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Discharge Planning Following the Seven Key Principles

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Introduction Using the seven key principles of the hospital discharge process devised by the Department of Health (DH, 2003), this case study will critically analyse the process of an elderly patient who was discharged from a local acute trust. It begins by providing a definition of discharge planning, before providing a brief biography of the patient, including a rationale of why this patient was selected, details of her past medical history, reason for current admission, any issues raised and details of any care provided.

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Throughout this case study, in accordance with the Nursing and Midwifery Council (NMC, 2008) and the Data Protection Act (1998), the patient shall be referred to as Mrs. Blue to maintain anonymity. Although the case study will largely focus on how the discharge affected and impacted on Mrs. Blues outcomes, it will also include some of the issues highlighted in the current literature surrounding the discharge process. Included will be a summary and any additional points will be raised.

Finally it will draw closure to the case study by concluding the main themes and finishing with a final suggestion to achieve optimal results when discharging patients.

Definition According to Wats & Gardner (2005) discharge planning is defined as ‘an on-going process that facilitates the discharge of the patient to the appropriate level of care. It involves a multidisciplinary assessment of patient/family needs and co-ordination of care, services and referrals’ (pg. 176). Biography The rationale for selecting Mrs. Blue was to highlight how easily it is for patients to experience a delay in hospital discharge.

Mrs. Blue was an elderly lady who presented into a local medical assessment unit having sustained a recent fall whilst at home. She lived alone in a bungalow with the support of carers four times a day. She did have a friend who visited daily, but had no other family or friends. Her medical history comprised of short-term memory loss, extrinsic asthma and she currently presented with low grade pyrexia, hypotension and dehydration. Upon admission, assessments were conducted to formulate a plan of care. Whilst conducting the initial assessments, it was identified that Mrs.

Blue had a possible urinary tract infection. Additionally, intravenous sodium chloride was administered to achieve euvolaemia. After the first three days, Mrs. Blue showed signs of improvement and the team began to focus on reinstating her care package and discharging her back home. However, whilst these plans were conducted Mrs. Blues friend approached a student nurse and informed her that she was concerned for Mrs. Blue’s safety as on numerous occasions she had visited her friend and found her on the floor and/or incontinent of urine.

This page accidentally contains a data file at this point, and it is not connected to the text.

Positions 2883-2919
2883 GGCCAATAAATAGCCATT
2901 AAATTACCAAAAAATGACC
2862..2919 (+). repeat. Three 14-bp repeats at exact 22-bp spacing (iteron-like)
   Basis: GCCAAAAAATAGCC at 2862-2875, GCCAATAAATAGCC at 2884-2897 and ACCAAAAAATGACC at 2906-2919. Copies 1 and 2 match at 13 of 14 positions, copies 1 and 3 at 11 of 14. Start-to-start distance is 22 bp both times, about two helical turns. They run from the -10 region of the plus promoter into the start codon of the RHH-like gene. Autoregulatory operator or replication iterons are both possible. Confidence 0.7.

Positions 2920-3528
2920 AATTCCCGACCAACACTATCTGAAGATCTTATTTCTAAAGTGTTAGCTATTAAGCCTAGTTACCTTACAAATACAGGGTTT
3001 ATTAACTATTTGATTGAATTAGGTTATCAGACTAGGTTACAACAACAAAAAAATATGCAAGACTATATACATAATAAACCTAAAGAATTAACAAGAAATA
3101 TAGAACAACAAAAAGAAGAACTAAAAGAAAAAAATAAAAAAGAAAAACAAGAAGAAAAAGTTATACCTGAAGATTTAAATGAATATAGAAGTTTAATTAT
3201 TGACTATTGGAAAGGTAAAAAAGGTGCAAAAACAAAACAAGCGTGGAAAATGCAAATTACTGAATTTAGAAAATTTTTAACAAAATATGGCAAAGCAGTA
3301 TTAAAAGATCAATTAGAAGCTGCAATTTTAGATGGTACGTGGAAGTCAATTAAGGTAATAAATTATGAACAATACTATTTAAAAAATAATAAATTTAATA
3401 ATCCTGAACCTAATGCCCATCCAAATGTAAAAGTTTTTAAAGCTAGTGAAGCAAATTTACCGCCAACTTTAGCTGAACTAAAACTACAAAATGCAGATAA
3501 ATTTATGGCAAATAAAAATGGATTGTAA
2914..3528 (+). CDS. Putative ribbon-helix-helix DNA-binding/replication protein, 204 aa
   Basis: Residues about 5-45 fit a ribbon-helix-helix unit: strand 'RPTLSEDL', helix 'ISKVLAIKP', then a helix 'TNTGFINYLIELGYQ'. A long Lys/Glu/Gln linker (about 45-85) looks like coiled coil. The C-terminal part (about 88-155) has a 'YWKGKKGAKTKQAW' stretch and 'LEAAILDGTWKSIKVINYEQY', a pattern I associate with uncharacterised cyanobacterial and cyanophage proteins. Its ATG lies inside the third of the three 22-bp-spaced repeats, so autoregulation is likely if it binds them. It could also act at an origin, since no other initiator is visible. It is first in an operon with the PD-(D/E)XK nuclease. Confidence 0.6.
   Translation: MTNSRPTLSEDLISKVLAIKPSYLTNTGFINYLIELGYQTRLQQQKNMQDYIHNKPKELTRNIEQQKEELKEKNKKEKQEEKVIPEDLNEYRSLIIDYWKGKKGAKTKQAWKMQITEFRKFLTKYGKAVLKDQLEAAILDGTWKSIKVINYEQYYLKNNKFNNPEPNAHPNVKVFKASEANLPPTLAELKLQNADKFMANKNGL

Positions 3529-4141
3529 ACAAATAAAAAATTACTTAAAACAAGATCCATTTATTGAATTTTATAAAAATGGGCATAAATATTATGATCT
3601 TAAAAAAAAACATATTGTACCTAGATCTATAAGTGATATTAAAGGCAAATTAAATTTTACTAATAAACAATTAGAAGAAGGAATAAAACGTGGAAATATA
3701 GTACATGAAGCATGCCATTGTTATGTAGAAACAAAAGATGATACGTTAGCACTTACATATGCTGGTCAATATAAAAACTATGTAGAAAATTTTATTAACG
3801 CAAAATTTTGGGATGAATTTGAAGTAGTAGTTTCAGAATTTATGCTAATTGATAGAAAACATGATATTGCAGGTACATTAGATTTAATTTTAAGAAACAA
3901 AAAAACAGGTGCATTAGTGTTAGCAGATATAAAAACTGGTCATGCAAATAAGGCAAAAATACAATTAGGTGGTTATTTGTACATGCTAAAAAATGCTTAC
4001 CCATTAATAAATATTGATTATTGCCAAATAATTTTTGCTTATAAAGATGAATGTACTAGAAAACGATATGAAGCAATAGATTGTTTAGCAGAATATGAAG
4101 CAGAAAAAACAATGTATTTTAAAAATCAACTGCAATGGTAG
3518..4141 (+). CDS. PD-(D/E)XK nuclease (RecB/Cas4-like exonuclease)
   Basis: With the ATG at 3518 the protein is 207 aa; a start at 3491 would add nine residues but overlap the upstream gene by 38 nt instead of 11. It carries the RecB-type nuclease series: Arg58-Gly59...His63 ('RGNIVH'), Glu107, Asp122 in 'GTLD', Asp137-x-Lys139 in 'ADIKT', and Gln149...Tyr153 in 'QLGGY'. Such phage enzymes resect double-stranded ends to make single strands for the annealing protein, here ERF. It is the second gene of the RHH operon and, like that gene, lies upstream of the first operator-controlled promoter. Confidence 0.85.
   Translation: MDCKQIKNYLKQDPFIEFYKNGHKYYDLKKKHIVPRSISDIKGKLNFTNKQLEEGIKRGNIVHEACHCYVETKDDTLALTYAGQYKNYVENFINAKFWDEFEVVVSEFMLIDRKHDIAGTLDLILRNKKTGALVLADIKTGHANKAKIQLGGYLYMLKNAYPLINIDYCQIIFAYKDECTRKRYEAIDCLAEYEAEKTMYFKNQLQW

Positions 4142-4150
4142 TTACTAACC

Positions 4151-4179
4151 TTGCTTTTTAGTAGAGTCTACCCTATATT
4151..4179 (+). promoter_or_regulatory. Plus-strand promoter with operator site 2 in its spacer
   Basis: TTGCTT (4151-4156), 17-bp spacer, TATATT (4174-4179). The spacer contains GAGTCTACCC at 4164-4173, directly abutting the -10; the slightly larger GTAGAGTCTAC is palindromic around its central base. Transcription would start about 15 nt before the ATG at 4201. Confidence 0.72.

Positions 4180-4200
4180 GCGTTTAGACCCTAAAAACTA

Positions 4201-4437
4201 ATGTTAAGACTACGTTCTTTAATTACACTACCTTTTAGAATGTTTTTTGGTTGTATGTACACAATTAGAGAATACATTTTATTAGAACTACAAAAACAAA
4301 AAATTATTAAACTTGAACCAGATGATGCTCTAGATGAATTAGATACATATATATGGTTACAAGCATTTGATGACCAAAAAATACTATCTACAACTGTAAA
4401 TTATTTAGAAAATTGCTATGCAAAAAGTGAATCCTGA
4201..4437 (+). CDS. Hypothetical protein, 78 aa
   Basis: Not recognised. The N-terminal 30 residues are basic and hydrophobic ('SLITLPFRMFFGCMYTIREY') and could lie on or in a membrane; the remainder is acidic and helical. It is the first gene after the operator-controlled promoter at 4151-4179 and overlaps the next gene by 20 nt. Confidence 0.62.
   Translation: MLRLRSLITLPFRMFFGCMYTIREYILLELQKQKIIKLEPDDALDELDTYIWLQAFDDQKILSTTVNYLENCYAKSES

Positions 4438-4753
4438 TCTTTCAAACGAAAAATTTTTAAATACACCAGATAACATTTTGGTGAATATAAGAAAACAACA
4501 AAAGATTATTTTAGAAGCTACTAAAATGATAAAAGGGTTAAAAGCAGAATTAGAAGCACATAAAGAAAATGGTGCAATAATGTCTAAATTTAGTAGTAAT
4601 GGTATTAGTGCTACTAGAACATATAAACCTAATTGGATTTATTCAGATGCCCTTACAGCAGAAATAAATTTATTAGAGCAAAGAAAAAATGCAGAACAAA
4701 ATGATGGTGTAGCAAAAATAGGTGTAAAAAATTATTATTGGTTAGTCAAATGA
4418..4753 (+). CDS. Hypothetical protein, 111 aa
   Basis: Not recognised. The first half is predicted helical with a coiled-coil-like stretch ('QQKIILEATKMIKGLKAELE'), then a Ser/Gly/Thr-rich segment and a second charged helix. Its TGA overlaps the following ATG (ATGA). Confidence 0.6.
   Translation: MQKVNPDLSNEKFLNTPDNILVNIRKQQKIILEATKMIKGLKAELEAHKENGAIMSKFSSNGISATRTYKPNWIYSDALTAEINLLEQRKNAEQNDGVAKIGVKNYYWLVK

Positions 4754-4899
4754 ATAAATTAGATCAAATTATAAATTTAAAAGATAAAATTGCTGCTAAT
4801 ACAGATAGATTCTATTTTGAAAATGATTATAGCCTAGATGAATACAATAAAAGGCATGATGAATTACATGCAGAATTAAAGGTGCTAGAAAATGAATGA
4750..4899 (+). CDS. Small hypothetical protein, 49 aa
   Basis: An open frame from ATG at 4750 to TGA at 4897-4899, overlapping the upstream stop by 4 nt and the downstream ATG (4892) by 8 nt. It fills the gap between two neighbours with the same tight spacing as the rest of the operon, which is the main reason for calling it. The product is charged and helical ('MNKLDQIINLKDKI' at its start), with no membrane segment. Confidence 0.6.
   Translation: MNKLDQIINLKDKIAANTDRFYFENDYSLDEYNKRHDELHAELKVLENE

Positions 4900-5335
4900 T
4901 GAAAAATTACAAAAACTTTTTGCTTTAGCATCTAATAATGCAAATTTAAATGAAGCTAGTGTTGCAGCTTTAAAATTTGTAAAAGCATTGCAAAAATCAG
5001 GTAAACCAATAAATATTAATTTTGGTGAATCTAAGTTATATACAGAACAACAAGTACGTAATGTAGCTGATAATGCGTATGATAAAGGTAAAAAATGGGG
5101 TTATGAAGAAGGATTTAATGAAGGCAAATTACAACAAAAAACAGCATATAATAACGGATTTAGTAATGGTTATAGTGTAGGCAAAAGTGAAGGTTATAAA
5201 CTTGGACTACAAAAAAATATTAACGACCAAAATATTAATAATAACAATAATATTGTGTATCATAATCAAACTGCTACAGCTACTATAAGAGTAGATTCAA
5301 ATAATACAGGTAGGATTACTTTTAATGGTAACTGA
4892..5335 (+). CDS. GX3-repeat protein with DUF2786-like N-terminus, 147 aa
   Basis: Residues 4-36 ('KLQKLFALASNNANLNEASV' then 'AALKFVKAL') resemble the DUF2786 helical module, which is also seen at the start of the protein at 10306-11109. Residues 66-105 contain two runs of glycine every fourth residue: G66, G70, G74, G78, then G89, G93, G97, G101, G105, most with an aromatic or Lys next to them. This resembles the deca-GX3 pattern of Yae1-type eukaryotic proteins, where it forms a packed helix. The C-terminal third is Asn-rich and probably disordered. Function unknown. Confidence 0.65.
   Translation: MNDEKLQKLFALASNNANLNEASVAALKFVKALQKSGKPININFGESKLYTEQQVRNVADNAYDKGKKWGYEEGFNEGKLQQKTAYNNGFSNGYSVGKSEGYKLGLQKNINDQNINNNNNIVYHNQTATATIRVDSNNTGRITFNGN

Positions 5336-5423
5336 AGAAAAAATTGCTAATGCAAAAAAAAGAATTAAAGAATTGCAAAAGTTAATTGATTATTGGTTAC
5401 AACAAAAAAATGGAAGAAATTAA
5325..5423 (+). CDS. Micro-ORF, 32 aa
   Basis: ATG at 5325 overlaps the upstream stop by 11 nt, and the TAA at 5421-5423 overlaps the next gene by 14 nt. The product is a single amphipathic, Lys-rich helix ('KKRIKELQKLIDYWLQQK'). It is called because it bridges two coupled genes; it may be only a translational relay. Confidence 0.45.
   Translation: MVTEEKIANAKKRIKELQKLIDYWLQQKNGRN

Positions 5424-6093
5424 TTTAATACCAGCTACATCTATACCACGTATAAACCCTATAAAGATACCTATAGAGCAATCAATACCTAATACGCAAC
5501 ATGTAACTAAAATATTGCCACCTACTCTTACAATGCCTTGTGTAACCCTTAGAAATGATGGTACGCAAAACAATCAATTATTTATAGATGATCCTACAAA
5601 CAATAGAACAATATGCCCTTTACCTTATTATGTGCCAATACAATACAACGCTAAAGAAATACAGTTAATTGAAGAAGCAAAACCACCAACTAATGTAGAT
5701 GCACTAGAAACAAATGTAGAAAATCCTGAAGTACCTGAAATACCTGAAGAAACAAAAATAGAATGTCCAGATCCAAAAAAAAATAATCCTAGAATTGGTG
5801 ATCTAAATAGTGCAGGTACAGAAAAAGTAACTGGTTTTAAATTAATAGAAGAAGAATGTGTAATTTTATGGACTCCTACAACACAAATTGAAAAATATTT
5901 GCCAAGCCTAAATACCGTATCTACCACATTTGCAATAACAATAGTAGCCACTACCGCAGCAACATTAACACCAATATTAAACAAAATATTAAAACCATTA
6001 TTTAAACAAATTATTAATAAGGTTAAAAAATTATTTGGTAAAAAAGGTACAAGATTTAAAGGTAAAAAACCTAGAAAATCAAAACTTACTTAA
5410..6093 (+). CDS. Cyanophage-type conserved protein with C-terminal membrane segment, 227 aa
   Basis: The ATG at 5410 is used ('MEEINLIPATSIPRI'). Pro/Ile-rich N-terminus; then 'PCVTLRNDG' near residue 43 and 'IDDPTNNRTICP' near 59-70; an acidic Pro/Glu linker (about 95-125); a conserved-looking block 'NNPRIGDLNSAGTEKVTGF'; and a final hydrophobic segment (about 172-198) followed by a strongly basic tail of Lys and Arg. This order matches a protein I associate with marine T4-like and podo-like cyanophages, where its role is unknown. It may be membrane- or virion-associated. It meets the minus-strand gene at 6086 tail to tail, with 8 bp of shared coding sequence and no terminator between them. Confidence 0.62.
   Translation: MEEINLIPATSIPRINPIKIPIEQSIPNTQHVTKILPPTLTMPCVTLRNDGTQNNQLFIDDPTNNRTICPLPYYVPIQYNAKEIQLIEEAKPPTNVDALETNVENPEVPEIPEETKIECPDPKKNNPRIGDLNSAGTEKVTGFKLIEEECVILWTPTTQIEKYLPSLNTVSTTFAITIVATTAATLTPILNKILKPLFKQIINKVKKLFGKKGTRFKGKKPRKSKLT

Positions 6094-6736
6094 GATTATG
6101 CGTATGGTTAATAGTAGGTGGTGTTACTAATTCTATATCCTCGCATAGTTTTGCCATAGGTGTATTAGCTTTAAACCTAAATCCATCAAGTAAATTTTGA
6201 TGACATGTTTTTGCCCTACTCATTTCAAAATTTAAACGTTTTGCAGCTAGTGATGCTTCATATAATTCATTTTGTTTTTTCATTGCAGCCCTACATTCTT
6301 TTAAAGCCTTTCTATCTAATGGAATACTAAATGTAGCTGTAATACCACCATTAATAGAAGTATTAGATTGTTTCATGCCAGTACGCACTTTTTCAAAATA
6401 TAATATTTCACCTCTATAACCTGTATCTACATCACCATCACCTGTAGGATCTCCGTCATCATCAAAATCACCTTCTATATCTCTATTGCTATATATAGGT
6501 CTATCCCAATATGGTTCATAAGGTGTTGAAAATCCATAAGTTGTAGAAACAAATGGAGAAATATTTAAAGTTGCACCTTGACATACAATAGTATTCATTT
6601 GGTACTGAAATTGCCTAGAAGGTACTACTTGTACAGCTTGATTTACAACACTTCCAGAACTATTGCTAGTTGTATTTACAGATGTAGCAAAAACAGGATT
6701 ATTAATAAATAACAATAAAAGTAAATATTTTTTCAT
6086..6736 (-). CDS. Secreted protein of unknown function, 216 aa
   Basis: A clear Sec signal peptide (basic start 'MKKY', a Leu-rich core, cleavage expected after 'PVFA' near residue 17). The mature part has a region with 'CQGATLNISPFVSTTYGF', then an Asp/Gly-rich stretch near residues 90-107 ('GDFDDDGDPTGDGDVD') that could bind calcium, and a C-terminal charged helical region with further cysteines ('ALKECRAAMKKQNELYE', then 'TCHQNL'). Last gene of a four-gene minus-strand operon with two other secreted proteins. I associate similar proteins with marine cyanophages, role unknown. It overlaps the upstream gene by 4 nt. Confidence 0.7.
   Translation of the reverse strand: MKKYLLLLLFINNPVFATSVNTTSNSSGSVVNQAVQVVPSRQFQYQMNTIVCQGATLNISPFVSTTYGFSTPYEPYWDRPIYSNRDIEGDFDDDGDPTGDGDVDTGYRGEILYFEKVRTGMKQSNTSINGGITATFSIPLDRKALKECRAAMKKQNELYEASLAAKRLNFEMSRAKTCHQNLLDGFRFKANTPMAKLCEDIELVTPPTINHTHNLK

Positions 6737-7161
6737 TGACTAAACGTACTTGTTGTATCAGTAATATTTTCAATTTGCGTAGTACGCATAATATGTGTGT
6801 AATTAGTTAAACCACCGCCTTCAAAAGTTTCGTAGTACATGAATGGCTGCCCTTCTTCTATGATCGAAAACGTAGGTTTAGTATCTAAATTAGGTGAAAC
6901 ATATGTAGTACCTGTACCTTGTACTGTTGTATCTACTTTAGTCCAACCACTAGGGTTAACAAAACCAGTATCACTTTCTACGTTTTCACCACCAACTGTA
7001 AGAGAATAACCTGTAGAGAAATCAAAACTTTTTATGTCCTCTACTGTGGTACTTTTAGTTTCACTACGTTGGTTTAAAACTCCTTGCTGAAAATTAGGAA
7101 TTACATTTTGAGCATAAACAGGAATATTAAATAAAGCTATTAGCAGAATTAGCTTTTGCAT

She felt that she had become increasingly unstable on her feet and this prevented her from mobilizing around the bungalow and to the toilet. Principle 1 Providing patient-centred care across the whole of the UK has been a government objective for many years and the DH informs us that when providing a ‘whole systems approach’ a range of health professionals will be involved in patients care (DH 2003). According to Glasby & Martin et al (2008) tackling delayed hospital discharges and preventing unnecessary admissions (O’Brian 2012) has been a vital government focus since the introduction of the NHS plan.

Guidance published by the DH (2000), discusses that it envisions health communities work in partnership to plan and deliver health improvement and services for the benefit of the community as a whole. Miers & Polland (2009) indicate that identifying patients’ needs promptly and utilising the appropriate services will achieve optimum results. Whilst, Underwood & Burnett (2012) discusses that the admission of elderly patients aged over 75 costs the NHS hundreds of millions of pounds each year in hospital admissions. Upon admission, the nurse conducted an initial triage assessment with the involvement of Mrs.

Blue which would identify physical, psycho-social, religious or spiritual needs and potential discharge concerns (Evans & Tippins 2008). However, when the assessment was carried out, Mrs. Blue neglected to disclose that she was not coping at home and this was only discovered when her friend visited the unit. Principle 2 Similar themes as principle 2 are discussed in principle 7 of the DH (2010) principles and in principle 9 of the RCN (2010) principles. These themes largely focus on patient participation, patient choice and promoting independence.

When it comes to organising, decision-making and conducting activities relating to care delivery, Efraimisson & Sandman et al (2004) highlight that both public opinion and the law dictates that patients have the right to be involved. Foss & Askautrud (2010) discuss, that involving elderly patients in this process during a hospital admission is believed to strengthen their ability to cope with everyday life upon discharge. Wells (2007) also informs us that there are varying levels of patient participation which include the providing of information such as leaflets, direct discussions, and patient involvement.